Savage attack on pounds 21m deal; Kenyans to hunt `shadowy firm' directors.
THE UK High Commissioner to Kenya has delivered a scathing attack on a firm whose Liverpool office is at the heart of an alleged financial scandal.
Edward Clay has offered to help Kenyan investigators track down the directors of Anglo-Leasing and Finance.
Last week, Kenyan MPs published an audit report into a pounds 21m passport deal between the Kenyan government and the company, which has an office in Upper Parliament Street, Toxteth.
The report recommended that three high-ranking Kenyan civil servants who are suspended be banned from holding public office following their involvement in the deal with the firm.
Last month the Daily Post revealed how investigators were trying to discover how the firm was able to secure the pounds 21m contract to provide new terrorism-proof passports when nobody outside senior government circles knew the work was being offered.
And Kenyan politicians have launched a second investigation into a pounds 29m contract to supply three forensic laboratories.
MPs on the Kenyan Parliament's Public Accounts Committee heard how Anglo-Leasing had been paid pounds 1, 499, 754 but had only supplied architectural drawings.
Both contracts have now been cancelled and Anglo-Leasing has paid back the money it had received from the Kenyan government.
In a speech to UK businessmen, the High Commissioner described Anglo-Leasing as a ``shadowy company''.
He said: ``Let us look at the first of the two notorious contracts with Anglo-Leasing and Finance, a shadowy company with links to an address in Liverpool, with links to Kenyans, not registered in either Britain or Switzerland, incapable of commissioning a garden shed and discovered never to have delivered anything more than drawings more or less on the back of an envelope. ''
Meanwhile, the Daily Post has discovered the identity of the managing director of the mysterious firm.
A solicitor based in Switzerland confirmed businessman Michel Gruring, from Lausanne, is the head of the company.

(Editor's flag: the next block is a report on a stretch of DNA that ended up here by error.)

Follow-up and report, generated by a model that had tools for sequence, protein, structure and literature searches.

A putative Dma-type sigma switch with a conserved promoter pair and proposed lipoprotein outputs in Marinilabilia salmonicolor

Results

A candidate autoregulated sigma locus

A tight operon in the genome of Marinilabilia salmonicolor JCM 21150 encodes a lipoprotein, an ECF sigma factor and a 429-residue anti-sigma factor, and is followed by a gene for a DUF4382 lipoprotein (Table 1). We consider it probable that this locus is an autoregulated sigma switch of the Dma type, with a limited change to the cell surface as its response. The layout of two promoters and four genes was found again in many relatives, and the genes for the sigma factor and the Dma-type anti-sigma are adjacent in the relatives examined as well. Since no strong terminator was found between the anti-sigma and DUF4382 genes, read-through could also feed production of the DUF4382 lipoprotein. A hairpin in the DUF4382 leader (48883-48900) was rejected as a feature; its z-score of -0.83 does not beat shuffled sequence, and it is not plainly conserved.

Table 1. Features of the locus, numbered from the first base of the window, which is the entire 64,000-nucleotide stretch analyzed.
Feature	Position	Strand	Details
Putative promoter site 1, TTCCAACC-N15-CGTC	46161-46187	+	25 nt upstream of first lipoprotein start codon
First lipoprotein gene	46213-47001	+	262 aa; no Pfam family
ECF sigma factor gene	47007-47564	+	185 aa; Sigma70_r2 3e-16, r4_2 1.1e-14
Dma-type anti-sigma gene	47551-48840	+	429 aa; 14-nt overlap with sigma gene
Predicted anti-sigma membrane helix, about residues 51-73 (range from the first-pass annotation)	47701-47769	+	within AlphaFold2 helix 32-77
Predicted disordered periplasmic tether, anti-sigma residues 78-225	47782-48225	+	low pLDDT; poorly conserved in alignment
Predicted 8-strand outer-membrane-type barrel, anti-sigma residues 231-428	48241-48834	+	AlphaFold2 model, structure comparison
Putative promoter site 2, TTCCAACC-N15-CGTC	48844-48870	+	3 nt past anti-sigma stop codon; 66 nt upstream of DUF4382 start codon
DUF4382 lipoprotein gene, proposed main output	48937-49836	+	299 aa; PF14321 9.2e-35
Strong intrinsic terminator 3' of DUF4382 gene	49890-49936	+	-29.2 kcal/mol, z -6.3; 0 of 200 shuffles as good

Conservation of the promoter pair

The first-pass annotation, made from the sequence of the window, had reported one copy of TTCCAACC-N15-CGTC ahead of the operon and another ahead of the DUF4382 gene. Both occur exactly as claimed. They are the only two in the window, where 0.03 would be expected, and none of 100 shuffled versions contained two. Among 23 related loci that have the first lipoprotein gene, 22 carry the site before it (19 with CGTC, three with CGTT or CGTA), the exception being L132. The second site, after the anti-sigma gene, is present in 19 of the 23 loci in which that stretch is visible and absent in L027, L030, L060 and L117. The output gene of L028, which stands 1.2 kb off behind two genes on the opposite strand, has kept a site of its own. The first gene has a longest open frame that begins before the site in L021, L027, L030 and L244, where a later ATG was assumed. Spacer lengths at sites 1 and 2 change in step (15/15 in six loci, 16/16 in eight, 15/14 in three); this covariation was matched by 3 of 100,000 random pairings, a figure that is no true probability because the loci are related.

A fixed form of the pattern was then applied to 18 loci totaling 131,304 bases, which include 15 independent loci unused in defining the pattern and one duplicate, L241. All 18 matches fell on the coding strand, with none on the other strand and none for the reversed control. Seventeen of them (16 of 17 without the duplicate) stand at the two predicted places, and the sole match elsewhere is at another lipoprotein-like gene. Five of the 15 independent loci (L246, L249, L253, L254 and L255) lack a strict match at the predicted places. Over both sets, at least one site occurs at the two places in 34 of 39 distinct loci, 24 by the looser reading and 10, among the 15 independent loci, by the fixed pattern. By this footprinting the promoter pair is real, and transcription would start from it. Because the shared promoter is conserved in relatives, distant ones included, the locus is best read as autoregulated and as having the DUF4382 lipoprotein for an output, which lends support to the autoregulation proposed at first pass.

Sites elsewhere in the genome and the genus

But his spokesman, Eric Ramel, refused to reveal the company's other directors and said the company is registered ``somewhere on an exotic island''.
Last week the Kenyan parliament's public accounts committee published a special audit report into the deal which said the three officials should be held responsible for attempting to defraud the government.
Civil servants Joseph Oyula, Joseph Magari and Sylvester Mwaliko have now been black-listed by the government.
The committee condemned Mwaliko, the Permanent Secretary in Home Affairs, for failing to conduct any background checks into the firm.
Their report said: ``This made it impossible for the government to find the shareholders and directors of Anglo Leasing Company. The committee concluded that the Permanent Secretary was an interested party in the whole project. ''
Anglo-Leasing stated it intended to sub-contract the work to systems firm Franco is -Charles Obether Fiduciare. The French company has denied any wrong doing.
Kenyan parliament records have shown the passport deal was signed on behalf of Anglo-Leasing by Colin Flynn, an accountant from West Derby, Liverpool.
Solicitors for Mr Flynnhave denied he was involved in the deal and said he is not linked to Anglo-Leasing.
City centre solicitors Powell Forman Kelly said Anglo-Leasing is a Swiss firm which conducts its English-speaking work in Liverpool.
This week, they revealed the company's managing director is Michel Gruring and was represented by Lausanne solicitor Eric Ramel.
Mr Ramel was unaware of the Foreign Office's offer to help the Kenyan government and said it was ``usual'' for the directors in a deal of this kind to not be named.
He said: ``Mr Gruring is a director of Anglo-Leasing, an offshore company. As is usual in this business, the investors or real owners of the company do not want to be named. ''
He said the company had won the passport contract after being part of a competitive tender.
``As far as I have seen, there has been a real tender and there has been different competitors and Anglo had the most effective out of the four or five competitors.
``What we can say is that the two projects were cancelled because of adverse publicity and the land that was supposed to support one of the projects was not appropriate. ''